Many of the patients we treated at Beilinson Hospital arrived at the clinic in wheelchairs, with cancer that has already spread, while showing signs of resistance to standard treatment protocols.
“There’s something else you might want to try,” Professor Peled would suggest: Keytruda – a drug that had only recently been approved by the FDA and included in the Israeli health care “basket.” This last resort for dying patients turned out to be magical; weeks after starting treatment, many patients recovered. Instead of wheelchairs, they entered
the clinic by foot, and their PET-CT imaging that, at the start of the treatment, had shown metastases, were now clear of any signs of the disease.
Furthermore, and more importantly, today, five years after having received the drug, those patients are still alive and are without any sign of cancer in their bodies. Oncological medications are approved for use, even if they only extend patients’ life spans by three months. When a treatment prolongs life by five or more years, even the most experienced oncologists, armed with centuries of pessimism, dare, for the first time in history, to use the word “cure” alongside “cancer.”
Barely a year after my experience in the clinic watching the success of immunotherapy, James P. Ellison and Tasuko Honjo were awarded the Nobel Prize in Medicine in 2018. The idea they brought forth to the medical world was nothing short of revolutionary: instead of medicine that acts upon the tumour itself, it utilizes the patient's own defence mechanisms– the immune system– to identify and destroy cancerous cells. Since immunotherapy first appeared on the scene, it has taken the oncology market by storm, leading to an influx of regulatory approvals that dramatically enhanced oncologists’ tool kits. In acknowledgement of the great impact of the immunotherapy revolution on patients' quality of life, many scientists, patient advocates and clinicians across the globe are joining together throughout the month of June to honour immunotherapy research under the theme of #immune2cancer.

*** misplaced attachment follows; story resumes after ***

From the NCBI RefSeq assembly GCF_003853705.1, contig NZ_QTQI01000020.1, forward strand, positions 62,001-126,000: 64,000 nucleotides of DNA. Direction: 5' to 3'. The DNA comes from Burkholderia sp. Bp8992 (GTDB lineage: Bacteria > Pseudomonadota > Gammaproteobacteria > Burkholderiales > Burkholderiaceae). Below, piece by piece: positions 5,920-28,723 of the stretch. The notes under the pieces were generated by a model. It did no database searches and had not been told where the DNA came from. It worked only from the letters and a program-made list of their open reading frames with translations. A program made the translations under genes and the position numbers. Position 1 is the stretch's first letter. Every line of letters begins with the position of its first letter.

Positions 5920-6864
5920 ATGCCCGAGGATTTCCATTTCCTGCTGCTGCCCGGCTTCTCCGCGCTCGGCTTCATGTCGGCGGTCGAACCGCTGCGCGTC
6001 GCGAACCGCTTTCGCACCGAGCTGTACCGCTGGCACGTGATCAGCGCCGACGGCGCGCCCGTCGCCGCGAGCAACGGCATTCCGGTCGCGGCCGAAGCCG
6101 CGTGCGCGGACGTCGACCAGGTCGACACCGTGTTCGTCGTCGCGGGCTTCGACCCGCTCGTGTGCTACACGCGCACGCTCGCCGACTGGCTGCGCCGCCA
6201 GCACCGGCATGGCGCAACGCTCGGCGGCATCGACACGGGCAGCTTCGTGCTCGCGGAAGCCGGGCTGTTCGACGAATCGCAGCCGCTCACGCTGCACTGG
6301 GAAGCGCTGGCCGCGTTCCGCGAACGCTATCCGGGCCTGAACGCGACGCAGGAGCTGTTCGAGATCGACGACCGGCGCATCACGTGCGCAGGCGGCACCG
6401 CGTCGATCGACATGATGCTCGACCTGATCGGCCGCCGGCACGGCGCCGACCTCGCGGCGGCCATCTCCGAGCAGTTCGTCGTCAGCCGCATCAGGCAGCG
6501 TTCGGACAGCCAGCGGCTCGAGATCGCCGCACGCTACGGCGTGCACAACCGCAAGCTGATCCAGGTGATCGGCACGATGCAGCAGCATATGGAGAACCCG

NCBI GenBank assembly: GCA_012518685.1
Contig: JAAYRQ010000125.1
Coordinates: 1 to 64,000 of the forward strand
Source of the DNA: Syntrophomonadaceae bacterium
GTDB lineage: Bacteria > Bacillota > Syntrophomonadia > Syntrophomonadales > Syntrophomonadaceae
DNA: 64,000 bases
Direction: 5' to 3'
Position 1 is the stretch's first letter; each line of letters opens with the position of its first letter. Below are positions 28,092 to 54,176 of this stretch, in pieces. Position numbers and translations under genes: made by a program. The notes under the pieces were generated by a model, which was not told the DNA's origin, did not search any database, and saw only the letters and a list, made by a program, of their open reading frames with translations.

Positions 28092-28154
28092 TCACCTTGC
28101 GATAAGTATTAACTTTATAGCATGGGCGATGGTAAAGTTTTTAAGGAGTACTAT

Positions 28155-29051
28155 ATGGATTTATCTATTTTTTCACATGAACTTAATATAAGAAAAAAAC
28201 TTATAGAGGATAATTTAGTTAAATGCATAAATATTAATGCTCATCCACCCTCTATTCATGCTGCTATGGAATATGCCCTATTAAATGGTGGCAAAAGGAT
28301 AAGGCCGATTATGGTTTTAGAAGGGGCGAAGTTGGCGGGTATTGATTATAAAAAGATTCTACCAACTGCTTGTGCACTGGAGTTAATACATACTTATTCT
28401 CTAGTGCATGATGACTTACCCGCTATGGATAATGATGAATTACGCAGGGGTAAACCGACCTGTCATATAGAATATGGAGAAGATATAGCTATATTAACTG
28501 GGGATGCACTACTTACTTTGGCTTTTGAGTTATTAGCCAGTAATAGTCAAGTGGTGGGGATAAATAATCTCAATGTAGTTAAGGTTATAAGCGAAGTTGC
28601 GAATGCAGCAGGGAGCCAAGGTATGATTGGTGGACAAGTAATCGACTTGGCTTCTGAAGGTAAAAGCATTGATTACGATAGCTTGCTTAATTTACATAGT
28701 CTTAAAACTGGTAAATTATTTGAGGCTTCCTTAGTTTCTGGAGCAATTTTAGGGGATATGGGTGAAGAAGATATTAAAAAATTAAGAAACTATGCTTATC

Today, Keytruda is approved for treating twenty different types of cancer. The drug is responsible for $16 billion worth of revenue each year for the pharmaceutical company that manufactures it, Merck, making it the second-most profitable drug in the world.
Nevertheless, as with any medical revolution, immunotherapy started off on the sidelines. Initially, it was improved for compassionate use; only once all other treatment options had already been exhausted. It later became the first line of treatment for Stage 4 cancer patients. Now, it is making its way from the sidelines to mainstream oncology; Merck recently released the findings of its latest clinical study, proving that Keytruda is extremely effective in treating lung cancer patients, not only in Stage 4 cases but also during earlier stages of the disease (I-III), following surgery.
If half of the patients are put into remission following surgery, immunotherapy is likely to change the rules of the game and heal nearly all intended patients. Integrating immunotherapy into cancer treatment protocols at earlier stages of the disease will transform immunotherapy into the likes of oncological antibiotics: a highly efficient and safe medication that can be used to treat nearly any cancer patient, at any stage.
Although this exciting treatment could potentially reduce cancer-related mortality at a dramatic rate, it also presents the healthcare system with several complex challenges. One year’s worth of Keytruda costs approximately $200 thousand and providing the drug to millions of patients each year comes at an astronomical cost – to healthcare systems worldwide.
The solution would be to introduce the development of new, custom medical tools that would help determine who needs the treatment, and who does not. While genomic information can precisely predict how patients will respond to targeted therapies, the prediction of responses to immunotherapy remains a significant challenge that has yet to be fully resolved. The solution seemingly lies in the maturity and spatial organization of immune cells surrounding the tumour, rather than in the tumour’s genomic profile. At Nucleai, we’ve performed and presented several studies at the American Society of Clinical Oncology that demonstrate how the analysis of biopsies using image processing enables the identification of “immune signatures” that can precisely predict which patients will respond to immunotherapy, and which will not.
One way or another, Immunotherapy is positioned to replace chemotherapy as a basic and accepted cancer treatment, curing millions of patients around the world.
Written by Ori Zelichov MD, VP Clinical Development, Nucleai